Changes in the eyes and visual function occur in 15% of all pregnant women. During pregnancy, hormonal changes, changes in metabolism, fluid retention, and changes in blood circulation can affect the eyes and visual function.
Ocular manifestations of pregnancy can be grouped into 3 categories:
Corneal changes: Physiological changes in the cornea (lat. Cornea) most commonly occur due to fluid retention and include decreased corneal tenderness, increased corneal thickness, and curvature. Such changes usually occur in the third trimester and cause a temporary change in diopter.
This is one of the reasons why laser diopter correction is not done in pregnant women, the glasses are not changed and new contact lenses are not fitted. The changes are temporary and disappear in the first few months after delivery.
Dryness and irritation: Your eyes may be dry and irritated during pregnancy and breastfeeding and may cause discomfort if you wear contact lenses.
IOP Variations: Especially in the second half of pregnancy IOP (intraocular pressure) may decrease in healthy eyes. In patients with glaucoma and ocular hypertension, the reduction may be even greater.
EYE DISEASES SPECIFIC FOR PREGNANCY
Preeclampsia and eclampsia: Visible symptoms occur in 25-50% of preeclamptic patients. Symptoms include blurred or diminished vision, photopsies, scotomas, diplopias, visual field defects. This is due to constriction or spasm of the blood vessels in the retina and reduced blood flow from the arteriolite to the veins. If the condition worsens, retinal bleeding, retinal edema, and exudates may occur.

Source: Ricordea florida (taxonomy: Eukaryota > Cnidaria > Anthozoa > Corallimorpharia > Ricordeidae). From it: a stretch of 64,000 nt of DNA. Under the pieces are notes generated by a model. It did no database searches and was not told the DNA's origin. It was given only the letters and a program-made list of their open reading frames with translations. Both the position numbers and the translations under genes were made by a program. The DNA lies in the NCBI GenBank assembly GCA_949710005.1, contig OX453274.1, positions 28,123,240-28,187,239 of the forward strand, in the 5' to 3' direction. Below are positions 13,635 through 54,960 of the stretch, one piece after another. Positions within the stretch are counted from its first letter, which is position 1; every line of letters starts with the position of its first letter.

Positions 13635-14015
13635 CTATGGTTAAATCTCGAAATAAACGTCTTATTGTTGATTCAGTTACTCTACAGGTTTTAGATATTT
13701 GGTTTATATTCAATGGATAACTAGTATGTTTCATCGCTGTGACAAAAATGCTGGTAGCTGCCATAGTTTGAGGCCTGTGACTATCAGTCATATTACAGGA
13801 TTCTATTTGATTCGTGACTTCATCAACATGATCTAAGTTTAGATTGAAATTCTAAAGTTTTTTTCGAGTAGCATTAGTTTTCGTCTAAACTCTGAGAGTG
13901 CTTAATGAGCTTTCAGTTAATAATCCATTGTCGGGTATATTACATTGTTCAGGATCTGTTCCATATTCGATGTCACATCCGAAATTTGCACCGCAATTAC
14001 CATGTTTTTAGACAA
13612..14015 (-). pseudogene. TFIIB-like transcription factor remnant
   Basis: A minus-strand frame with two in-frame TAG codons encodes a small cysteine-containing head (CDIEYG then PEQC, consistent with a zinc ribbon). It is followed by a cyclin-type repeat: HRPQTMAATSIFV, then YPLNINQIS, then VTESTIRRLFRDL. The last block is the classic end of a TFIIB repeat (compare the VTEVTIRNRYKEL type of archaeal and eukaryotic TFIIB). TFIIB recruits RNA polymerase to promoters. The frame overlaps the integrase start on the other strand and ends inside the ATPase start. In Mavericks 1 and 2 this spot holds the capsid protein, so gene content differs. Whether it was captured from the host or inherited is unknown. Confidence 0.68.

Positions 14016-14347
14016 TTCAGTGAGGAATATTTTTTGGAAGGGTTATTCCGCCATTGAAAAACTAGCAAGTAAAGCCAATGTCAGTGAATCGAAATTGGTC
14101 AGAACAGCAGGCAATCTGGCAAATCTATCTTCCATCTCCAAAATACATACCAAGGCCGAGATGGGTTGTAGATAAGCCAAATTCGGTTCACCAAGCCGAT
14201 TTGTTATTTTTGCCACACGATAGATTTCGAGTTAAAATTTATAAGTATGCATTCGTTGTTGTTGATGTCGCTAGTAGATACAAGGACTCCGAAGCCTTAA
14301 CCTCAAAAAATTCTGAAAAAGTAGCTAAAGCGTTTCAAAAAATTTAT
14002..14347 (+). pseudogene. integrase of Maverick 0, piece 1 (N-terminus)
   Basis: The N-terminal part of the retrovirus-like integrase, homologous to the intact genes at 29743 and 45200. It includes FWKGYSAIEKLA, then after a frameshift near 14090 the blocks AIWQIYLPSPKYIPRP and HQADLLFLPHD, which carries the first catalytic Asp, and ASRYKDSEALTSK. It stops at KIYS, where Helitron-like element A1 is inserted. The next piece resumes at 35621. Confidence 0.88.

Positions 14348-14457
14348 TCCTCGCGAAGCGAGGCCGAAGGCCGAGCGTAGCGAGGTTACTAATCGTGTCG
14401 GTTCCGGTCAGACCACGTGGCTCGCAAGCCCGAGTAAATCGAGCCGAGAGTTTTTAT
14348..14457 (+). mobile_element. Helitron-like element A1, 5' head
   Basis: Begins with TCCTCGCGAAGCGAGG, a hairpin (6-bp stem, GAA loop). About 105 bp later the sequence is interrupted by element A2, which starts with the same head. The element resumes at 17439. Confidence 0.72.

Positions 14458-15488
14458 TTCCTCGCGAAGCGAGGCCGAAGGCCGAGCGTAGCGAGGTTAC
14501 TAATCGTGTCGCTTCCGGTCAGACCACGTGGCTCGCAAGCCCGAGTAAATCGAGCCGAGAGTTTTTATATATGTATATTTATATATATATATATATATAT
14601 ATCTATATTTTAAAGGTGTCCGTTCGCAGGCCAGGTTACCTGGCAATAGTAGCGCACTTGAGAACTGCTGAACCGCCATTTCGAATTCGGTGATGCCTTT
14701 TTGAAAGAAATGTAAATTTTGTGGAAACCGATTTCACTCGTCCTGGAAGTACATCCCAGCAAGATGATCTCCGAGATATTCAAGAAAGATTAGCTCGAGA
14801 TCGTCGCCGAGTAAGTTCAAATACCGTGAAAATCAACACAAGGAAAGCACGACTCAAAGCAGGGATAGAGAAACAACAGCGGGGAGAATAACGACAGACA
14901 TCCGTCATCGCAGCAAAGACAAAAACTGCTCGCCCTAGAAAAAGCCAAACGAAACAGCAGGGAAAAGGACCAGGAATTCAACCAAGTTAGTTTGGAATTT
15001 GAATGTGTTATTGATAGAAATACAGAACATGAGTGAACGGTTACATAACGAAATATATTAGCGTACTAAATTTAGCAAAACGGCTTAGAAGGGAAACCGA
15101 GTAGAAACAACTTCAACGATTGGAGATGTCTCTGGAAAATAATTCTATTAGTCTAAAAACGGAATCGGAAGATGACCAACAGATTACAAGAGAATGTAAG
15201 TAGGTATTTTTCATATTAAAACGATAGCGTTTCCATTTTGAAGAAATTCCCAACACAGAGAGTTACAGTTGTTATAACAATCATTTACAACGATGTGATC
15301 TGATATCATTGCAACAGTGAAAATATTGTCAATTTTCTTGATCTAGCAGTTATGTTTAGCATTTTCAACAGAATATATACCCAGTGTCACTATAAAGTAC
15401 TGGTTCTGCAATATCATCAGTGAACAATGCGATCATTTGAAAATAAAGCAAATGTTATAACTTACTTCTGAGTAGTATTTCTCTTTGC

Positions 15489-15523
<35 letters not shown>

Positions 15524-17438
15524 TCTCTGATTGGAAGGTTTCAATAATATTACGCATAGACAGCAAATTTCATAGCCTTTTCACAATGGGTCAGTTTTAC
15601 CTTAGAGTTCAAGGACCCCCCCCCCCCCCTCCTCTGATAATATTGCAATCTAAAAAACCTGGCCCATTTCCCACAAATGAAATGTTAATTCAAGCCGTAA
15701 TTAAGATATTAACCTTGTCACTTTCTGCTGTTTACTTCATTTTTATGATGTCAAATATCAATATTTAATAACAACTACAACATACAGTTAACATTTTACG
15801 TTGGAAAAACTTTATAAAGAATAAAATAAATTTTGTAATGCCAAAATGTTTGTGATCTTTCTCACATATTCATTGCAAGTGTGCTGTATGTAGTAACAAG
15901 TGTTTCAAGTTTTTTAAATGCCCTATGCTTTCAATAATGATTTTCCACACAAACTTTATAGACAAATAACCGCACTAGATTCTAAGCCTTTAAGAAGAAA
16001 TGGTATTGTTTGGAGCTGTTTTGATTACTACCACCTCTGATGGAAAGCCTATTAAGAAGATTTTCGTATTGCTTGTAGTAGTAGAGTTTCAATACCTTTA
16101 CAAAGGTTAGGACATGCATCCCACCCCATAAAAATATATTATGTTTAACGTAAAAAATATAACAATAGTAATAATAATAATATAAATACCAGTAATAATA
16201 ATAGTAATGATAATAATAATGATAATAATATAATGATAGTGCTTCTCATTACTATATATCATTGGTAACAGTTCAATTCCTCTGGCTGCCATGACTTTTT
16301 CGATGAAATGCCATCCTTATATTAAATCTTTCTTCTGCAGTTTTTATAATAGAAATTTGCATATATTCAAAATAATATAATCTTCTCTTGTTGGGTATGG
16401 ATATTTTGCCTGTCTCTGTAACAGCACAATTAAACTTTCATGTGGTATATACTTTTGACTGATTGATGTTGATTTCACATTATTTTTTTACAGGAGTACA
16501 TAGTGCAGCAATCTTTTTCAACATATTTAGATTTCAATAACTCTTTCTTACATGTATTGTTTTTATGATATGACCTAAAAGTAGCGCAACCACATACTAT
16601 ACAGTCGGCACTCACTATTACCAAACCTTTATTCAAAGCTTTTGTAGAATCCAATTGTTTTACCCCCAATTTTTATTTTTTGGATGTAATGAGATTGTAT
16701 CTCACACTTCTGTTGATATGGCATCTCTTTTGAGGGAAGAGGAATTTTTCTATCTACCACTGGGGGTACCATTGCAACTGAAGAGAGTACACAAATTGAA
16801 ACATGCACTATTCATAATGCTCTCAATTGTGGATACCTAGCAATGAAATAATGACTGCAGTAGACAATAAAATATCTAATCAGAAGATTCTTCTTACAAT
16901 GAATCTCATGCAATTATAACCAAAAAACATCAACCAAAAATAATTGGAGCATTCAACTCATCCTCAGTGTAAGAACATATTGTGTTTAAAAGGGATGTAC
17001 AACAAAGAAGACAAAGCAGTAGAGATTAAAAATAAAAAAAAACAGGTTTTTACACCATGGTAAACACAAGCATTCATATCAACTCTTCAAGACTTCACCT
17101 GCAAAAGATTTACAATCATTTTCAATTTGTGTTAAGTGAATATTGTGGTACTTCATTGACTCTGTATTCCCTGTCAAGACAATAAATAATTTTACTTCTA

Central serous chorioretinopathy: It can occur in some women who have a normal pregnancy. It is a condition where fluid collects under the retina and in the area of the yellow spot. Then the layers of the retina come off and cause a distorted image and blind spots or scotomas.
This condition is associated with stress hormones usually in late pregnancy. All symptoms disappear and vision returns to normal a few months after delivery.
MODIFICATION OF ALREADY EXISTING DISEASES
Pregnancy can improve or worsen pre-existing eye diseases.
Diabetic retinopathy: If you have type 1 or type 2 diabetes, this condition can unfortunately get worse during pregnancy. If you have eye symptoms of blurred vision, reduced vision, distortion of the images, call your ophthalmologist immediately. Mothers with diabetes should see an ophthalmologist more often during pregnancy and have good control of blood glycemia.
Glaucoma: If you have glaucoma, it may improve during pregnancy, i.e. due to reduced IOP, your ophthalmologist may need to reduce the dose of your therapy.
Do I need to tell my doctor if I have vision changes?
YES! Contact your doctor immediately whenever you experience these symptoms:
- Duplicate pictures;
- Blurred vision;
- Temporary loss of vision;
- Flashes or lightning in the field of view.
Sometimes, even the slightest eye changes and symptoms can be a sign of life-threatening diseases during pregnancy such as high blood pressure, preeclampsia and eclampsia, and their timely detection is important.